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Sunday, August 31, 2014


Let me try once more to make myself clear.  I think Michael Sandel is a bright, lively, interesting person and, I suspect, a terrific lecturer.  In the context of the Harvard community, he is one of the good guys.  What I was trying to explain, with my references to McLuhan and [facetiously] to Woody Allen, is that even someone like that can be defeated by the form of his presentation, so that what would in another setting be effective teaching becomes a form of performance, of entertainment, and hence undercuts whatever he is trying to accomplish as a teacher.  I did not think I needed to spell that out so flat-footedly.  I thought I could communicate it wittily, by indirection.  But it would appear that I was wrong.

It would not surprise me to learn that Jonathan Swift had a similar problem.  [Sigh.  There I go again.]


Tony Couture said...

It is one of the laws of reason that when you make a joke (say something unexpected), you cannot know what your audience is going to do in reaction to the unexpected (you HOPE for a smile or laughter). It is especially dangerous, given our history including the medieval (1275 A.D.) Scandalum Magnatum in English law forbidding the criticism/insult of social leaders. Sandel is America's Dr. Justice, maybe the most popular philosopher online today. Compare Sandel's popularity to the most notorious in the public eye, Peter Singer (or maybe Chomsky)--philosophers who need bodyguards at times. Scandal is plaguing our profession as Colin McGinn, Thomas Pogge and Peter Ludlow are currently being squeezed out of stardom through social media pressure. Sandel has been used by Harvard to promote their brand online, and the inequality embedded in his being raised to stardom nay indeed interfere with his critique of inequality. Sandel appears to be playing variations of Michael Walzer's Sphere of Justice meta-arguments, so none of this is original to other philosophers. Any ways philosophy as a TV show may be very limited in shelf life. Maybe what Thrasymachus says to Socrates in the Republic ("Enjoy your banquet of words!" 352B) is what needs to be said to Sandel, as he is philosophizing about freedom in a bondage costume that any authentic philosopher can see through.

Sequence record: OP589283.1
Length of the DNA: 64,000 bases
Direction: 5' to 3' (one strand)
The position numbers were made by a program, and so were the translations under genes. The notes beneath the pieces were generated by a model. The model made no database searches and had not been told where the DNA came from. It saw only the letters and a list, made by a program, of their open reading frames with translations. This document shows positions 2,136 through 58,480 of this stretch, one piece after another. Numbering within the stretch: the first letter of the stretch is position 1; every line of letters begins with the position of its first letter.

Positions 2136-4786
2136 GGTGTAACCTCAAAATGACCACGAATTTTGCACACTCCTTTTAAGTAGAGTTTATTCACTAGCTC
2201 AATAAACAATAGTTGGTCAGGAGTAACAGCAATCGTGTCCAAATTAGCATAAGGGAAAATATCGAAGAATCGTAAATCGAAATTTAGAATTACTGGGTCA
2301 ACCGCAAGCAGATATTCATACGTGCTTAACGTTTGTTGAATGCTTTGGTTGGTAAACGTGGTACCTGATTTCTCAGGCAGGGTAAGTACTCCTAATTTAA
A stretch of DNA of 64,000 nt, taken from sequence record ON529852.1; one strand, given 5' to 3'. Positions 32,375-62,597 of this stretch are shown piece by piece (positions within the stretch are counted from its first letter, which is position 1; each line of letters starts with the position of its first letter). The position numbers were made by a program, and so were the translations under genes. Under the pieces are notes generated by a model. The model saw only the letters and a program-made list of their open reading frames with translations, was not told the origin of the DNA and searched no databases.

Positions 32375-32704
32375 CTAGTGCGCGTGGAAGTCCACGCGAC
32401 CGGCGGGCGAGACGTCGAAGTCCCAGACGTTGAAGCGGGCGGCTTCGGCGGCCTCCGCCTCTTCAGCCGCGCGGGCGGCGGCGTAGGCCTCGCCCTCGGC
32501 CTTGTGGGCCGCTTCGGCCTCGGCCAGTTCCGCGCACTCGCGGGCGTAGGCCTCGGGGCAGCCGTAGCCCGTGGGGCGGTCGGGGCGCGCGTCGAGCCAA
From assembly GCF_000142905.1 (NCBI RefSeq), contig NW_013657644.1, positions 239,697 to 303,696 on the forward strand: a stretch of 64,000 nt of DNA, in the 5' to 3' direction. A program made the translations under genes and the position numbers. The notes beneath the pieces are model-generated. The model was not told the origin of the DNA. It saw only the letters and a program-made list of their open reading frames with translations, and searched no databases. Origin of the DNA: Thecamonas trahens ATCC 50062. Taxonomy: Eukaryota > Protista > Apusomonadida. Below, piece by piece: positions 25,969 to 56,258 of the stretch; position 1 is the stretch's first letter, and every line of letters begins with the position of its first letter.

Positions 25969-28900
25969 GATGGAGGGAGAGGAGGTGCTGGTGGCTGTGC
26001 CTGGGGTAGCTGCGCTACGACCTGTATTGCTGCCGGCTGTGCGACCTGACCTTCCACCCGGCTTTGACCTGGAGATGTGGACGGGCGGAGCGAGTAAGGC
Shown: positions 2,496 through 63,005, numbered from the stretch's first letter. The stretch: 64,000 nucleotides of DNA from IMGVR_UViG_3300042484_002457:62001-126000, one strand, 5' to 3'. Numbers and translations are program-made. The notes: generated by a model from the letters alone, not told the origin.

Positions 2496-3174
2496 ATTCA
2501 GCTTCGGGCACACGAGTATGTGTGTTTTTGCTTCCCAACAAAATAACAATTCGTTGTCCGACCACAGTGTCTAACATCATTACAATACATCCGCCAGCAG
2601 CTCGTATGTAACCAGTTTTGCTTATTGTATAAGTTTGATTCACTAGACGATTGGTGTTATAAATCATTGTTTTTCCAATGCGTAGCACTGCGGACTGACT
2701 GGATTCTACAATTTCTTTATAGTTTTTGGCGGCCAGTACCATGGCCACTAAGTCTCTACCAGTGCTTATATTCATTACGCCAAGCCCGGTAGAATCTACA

Robert Paul Wolff said...

It is clear that you have given this a great deal of thought -- much more than have I, for example. I see Noam Chomsky as speaking truth to power, while Sandel seems to be speaking a simulacrum of truth to the powerful. Sandel is not a fool. I wonder whether he understands what has happened to him. My experience going back to Harvard for the 50th anniversary of Social Studies suggests to me that even otherwise intelligent people at Harvard have a great deal of difficulty achieving any degree of genuine self-knowledge.

Unknown said...

The issue you raise may have a bearing on a matter that has been debated, even if occasionally, for some years now: televising judicial proceedings. Some years ago, I recall being persuaded that televising the murder trial of O. J. Simpson distorted the proceedings, encouraging even the judge to become a TV performer.